Speed is one of the most important considerations when choosing an internet service. The average household in the U.S. gets around 200 Mbps of download speed, but many people can get by with less. Discover what speeds you need and take our speed test to see what you’re currently getting.

Test your current speed

Finding affordable internet goes beyond comparing plan pricing. Look for hidden fees, price increases and data caps and cancelling service to get an idea of the true cost of internet. Also, be mindful of ways you can save, like switching providers or buying your own modem and router.

Learn how to lower your monthly bill

Compare the best service providers for home internet

Comparing providers head-to-head is one of the best ways to avoid overpaying for internet service or signing up for a plan that doesn’t fit your needs. Not all providers will be available in your area, but you can use this list to see how the largest ones compare to what’s available near you.


How to choose the best home internet service

Chances are, you don’t have a ton of providers to choose from when picking internet service. But even if you’re picking from a small pool, there are still a ton of questions you have to answer to make the best decision. Here’s what you should consider: 

  1. Decide how much speed you need. The average household in the U.S. gets around 200 Mbps of download speed, but many people can get by with less. 
  2. See what’s available in your area. If fiber optic internet is available in your area, it will almost always give you the fastest, most reliable speeds for the best value. If you can’t get fiber, your next best option is cable internet, but DSL may be a better choice if you’re looking for the cheapest plans. Lastly, satellite is a common go-to internet service in rural areas where fiber and cable are not available. Residents of rural areas may want to consider fixed wireless providers since they often have lower latency and higher data allowances than satellite providers.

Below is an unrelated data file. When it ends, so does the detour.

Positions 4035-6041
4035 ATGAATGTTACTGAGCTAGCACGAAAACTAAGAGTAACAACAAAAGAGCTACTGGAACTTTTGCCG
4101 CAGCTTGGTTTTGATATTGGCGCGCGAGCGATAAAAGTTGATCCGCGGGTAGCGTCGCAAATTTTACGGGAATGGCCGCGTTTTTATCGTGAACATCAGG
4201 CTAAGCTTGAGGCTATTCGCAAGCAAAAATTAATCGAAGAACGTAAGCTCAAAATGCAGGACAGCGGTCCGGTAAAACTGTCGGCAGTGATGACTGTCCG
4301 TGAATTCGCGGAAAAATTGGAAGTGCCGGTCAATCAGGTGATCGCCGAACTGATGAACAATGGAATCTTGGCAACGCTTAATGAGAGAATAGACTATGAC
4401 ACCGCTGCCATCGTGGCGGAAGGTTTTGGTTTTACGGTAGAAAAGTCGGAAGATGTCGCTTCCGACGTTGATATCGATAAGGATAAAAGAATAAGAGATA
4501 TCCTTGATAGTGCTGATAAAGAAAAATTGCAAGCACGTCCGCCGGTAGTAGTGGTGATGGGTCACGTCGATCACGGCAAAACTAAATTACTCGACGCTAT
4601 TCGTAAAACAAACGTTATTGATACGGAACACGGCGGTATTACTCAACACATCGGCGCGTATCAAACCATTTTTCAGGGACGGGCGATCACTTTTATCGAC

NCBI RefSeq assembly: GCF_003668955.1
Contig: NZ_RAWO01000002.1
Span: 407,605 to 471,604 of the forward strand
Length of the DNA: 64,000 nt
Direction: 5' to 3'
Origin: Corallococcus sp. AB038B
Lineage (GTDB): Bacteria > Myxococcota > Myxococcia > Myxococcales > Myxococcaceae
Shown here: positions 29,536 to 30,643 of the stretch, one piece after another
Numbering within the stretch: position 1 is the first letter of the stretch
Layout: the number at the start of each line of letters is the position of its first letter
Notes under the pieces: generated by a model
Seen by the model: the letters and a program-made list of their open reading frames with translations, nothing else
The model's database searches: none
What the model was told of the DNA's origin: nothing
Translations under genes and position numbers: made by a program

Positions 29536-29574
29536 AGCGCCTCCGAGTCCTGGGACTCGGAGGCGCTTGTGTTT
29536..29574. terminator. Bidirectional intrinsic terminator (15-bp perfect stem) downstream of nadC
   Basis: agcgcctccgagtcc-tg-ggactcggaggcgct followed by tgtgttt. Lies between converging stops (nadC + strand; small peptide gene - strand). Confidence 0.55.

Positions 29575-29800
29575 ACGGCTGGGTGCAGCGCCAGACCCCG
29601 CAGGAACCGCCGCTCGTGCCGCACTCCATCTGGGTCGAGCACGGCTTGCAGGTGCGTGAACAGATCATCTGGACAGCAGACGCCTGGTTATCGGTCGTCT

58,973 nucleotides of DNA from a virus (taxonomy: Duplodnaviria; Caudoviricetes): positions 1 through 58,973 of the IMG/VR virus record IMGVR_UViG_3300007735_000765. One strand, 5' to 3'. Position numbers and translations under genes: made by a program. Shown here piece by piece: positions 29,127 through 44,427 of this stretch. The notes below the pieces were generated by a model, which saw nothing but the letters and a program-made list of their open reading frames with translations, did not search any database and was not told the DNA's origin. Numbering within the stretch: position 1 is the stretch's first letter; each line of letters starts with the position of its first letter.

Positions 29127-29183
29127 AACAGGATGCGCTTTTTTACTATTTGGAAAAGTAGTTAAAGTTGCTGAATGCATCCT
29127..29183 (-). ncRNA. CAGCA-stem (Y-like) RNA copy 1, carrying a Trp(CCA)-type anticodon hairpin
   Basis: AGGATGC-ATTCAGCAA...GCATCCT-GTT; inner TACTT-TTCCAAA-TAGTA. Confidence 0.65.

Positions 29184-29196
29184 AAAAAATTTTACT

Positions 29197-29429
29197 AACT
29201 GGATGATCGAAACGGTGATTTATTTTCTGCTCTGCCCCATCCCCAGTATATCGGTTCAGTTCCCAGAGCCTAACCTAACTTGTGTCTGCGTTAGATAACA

3. Read the fine print. Almost all providers charge extra fees for equipment rental and installation, but many also raise prices after the first year. It’s also worth comparing data caps and contracts between providers. 
  4. Consider buying your own equipment. Most providers charge $10-15/mo. for equipment, but you can almost always use your own to avoid that fee. Buying your own modem and router typically costs around $100. 
  5. Look at promotions for new customers. You can often find perks like rewards cards or free streaming subscriptions when you activate service. Factor in the dollar value for these extras before you make your final decision. 

Internet technology types

Not all internet connections are the same. Each internet type and provider presents specific advantages and potential disadvantages.

Internet provider FAQs

Is Allconnect an internet provider?

No. We don’t provide internet service ourselves, but we connect you with the providers that are available in your area.

Some people can get by using only their cellphone plan for internet, but most of us require a stronger home internet connection. These plans have speeds up to 1,000 Mbps, so you can connect dozens of devices around your home without worrying about buffering or glitchy video calls. If you’re going to be working or learning from home, streaming HD video or gaming online, a home internet connection is essential. But if all you’re doing is checking email and scrolling social media on one device at a time, you can probably get by with your cellphone’s data plan.

The speed you’re advertised on your internet plan refers to the maximum speeds you can expect, so you’ll often experience slower speeds in practice. This might be fixable through things like better router placement or playing with the settings, but oftentimes it’s out of your control.

Your home internet speeds are at the mercy of what the provider and technology is capable of delivering. This is most common with DSL and satellite internet providers (specifically Viasat), but may be the case with some cable internet providers as well. Allconnect’s internal data found that around 15% of internet users aren’t getting the speeds they’re paying for.

Joe Supan

Written by:

Joe Supan

Senior Writer, Broadband Content

Joe oversees all things broadband for Allconnect. His work has been referenced by Yahoo!, Lifehacker and more. He has utilized thousands of data points to build a library of metrics to help users navigate these … Read more

Robin Layton

Edited by:

Robin Layton

Editor, Broadband Content